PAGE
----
The new SAMHSA definition of "Recovery" for both addictions and mental illness, "A process of change through which individuals improve their health and wellness, live a self-directed life, and strive to reach their full potential." offers a rather simple, yet straightforward, view of what Maslow was suggesting as a general goal of most people of self-actualization. This idea/ concept is applicable across cultures and socio-economic statuses. As providers of behavioral health services we would do well to remember that our clients' recovery is enhanced when we providers are simultaneously engaged in our own recovery.
It is our responsibility to bring the sacrifice. It is His to bring the fire.
(seen on BibleGateway)
Stress and anxiety are often talked about as though they were the same. They are related in that the symptoms are similar, but are different and require different approaches to manage. Anxiety can sure add to the stress level, but stress is not anxiety.
Anxiety is the projection or anticipation of misfortune or danger in the future which is accompanied by a painful sense of internal tension and may have physical manifestations as well. Stress is that natural energy necessary to tolerate and/or negotiate one's
obligations or expectations.
Why is this even something to consider if the symptoms are the same? We could just treat the symptoms any number of ways:
medications, substances, denial, impulsive behaviors, etc. that may give temporary relief, but may also increase problems in the future.
Since the definition of anxiety offered above has to do with the mindset of a person, it is most fully addressed by changing the way one thinks. We may overestimate the downside of possible events, we may overestimate the likelihood of misfortune, we may think particular outcomes or events would be too malevolent for us to "stand" or that if certain things happen we would be unable to survive or overcome them (unable to ever experience happiness); but the truth is we can "stand" much more than we think and as long as we have life, breath and awareness we are able to make choices in pursuit of happiness. The resultant anxiety then sets in motion a physiological response that prepares us to "fight or escape" the danger, when there is nothing to fight or escape. That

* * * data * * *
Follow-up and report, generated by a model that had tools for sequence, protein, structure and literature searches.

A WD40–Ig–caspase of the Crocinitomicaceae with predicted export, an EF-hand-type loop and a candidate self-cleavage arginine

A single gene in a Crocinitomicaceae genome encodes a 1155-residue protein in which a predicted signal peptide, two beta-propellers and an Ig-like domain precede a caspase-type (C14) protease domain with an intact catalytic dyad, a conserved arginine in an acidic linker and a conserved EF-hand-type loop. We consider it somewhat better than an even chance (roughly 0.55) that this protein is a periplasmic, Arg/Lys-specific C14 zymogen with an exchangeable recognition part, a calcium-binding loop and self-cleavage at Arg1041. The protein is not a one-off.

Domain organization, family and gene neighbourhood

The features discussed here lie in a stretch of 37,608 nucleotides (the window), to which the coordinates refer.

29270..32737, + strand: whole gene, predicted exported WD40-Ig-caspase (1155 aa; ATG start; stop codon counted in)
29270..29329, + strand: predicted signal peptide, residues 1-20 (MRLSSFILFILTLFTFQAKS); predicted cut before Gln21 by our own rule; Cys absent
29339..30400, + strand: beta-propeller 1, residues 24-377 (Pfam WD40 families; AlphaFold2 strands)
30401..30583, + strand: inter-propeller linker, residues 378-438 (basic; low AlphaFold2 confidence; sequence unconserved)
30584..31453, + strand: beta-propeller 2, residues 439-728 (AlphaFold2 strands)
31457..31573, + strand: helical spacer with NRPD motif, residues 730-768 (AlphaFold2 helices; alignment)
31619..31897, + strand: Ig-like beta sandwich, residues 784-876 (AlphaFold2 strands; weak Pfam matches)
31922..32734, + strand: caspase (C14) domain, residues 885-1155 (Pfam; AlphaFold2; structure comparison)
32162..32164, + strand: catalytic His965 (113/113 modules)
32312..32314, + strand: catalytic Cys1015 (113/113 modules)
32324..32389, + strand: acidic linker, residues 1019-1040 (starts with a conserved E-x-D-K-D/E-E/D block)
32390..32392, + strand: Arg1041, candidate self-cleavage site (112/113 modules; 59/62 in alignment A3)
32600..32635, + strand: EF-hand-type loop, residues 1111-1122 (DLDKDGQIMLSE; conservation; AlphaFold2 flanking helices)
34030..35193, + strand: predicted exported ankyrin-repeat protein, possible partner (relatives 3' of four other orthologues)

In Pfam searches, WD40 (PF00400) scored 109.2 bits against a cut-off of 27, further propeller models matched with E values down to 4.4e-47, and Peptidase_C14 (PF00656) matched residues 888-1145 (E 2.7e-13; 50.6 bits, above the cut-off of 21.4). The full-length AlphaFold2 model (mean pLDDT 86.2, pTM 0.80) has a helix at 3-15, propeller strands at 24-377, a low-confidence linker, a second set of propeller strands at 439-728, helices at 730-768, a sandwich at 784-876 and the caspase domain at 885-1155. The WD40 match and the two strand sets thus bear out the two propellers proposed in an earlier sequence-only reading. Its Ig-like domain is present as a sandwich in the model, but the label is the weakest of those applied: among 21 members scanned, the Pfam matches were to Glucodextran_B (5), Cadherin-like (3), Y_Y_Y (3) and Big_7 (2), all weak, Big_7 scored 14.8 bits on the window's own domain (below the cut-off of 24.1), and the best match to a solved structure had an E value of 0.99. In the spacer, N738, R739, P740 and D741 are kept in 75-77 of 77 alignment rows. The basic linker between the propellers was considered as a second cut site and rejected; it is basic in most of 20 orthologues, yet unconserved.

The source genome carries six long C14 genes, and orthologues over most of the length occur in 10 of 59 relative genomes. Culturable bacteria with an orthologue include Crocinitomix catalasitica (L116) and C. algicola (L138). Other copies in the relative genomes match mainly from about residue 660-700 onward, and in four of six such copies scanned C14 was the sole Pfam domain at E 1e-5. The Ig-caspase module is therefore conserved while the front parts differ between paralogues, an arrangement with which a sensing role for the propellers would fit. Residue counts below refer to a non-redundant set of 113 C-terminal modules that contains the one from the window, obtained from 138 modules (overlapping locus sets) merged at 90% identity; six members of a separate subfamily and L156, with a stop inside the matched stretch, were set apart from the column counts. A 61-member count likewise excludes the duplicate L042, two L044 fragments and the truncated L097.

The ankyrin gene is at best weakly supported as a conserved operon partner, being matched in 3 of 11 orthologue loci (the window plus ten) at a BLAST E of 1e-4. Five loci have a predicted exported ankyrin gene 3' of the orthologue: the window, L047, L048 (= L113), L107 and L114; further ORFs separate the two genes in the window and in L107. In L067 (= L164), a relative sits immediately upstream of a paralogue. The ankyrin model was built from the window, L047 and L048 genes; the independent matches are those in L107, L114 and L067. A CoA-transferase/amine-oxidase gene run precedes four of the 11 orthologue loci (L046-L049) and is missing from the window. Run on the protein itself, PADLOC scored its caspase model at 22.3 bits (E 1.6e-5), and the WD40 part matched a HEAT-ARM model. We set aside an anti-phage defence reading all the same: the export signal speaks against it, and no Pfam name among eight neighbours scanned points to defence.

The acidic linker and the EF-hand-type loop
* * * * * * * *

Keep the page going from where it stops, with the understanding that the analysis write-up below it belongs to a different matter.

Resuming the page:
physiological state is meant to assist us in emergency situations only and if it is activated continuously by the above thinking patterns, then this natural protective response begins to take a negative toll on us. So instead, we would do well to make reasonable decisions about risks, but face the fear (exposure) of those risks in favor of the benefits. We cannot avoid risk. All relationships inherently involve risk.
Stress is unavoidable also. Most of us in this culture are extremely busy and will often over obligate ourselves or allow expectations (whether from others or ourselves) to overwhelm us. If a person allows themselves to continually strive without taking time to allow themselves to recover, their mind, body and spirit will eventually begin to shut down with a variety of symptoms: lack of motivation, stomach problems, physical pain, anger, unwise risk taking, impulsive behaviors, increased substance use, etc. An
easy example to demonstrate is someone going to the gym. If that person "stresses" their body in exercise continuously, they will eventually give out and their body will not allow them to go on; but if they stress their body in exercise for a period of time and then rest (allowing recovery time) they become stronger and increase their resilience. With that same example, if a person in the gym lifts more weight than their body is capable of, they may injure themselves. Lesson: to manage stress, reduce obligations, prioritize and give yourself some recovery time (meditation, recreation, hobbies, spend some time with family/ friends, adopt a healthy lifestyle, connect spiritually, etc.).
So (1) consider risks of life as objectively as possible, face the risks of life without overestimating the negative consequences, and balance the potential good of any risk and (2) manage your obligations and take time to recover
Mark S. DeBord, LCSW, LLC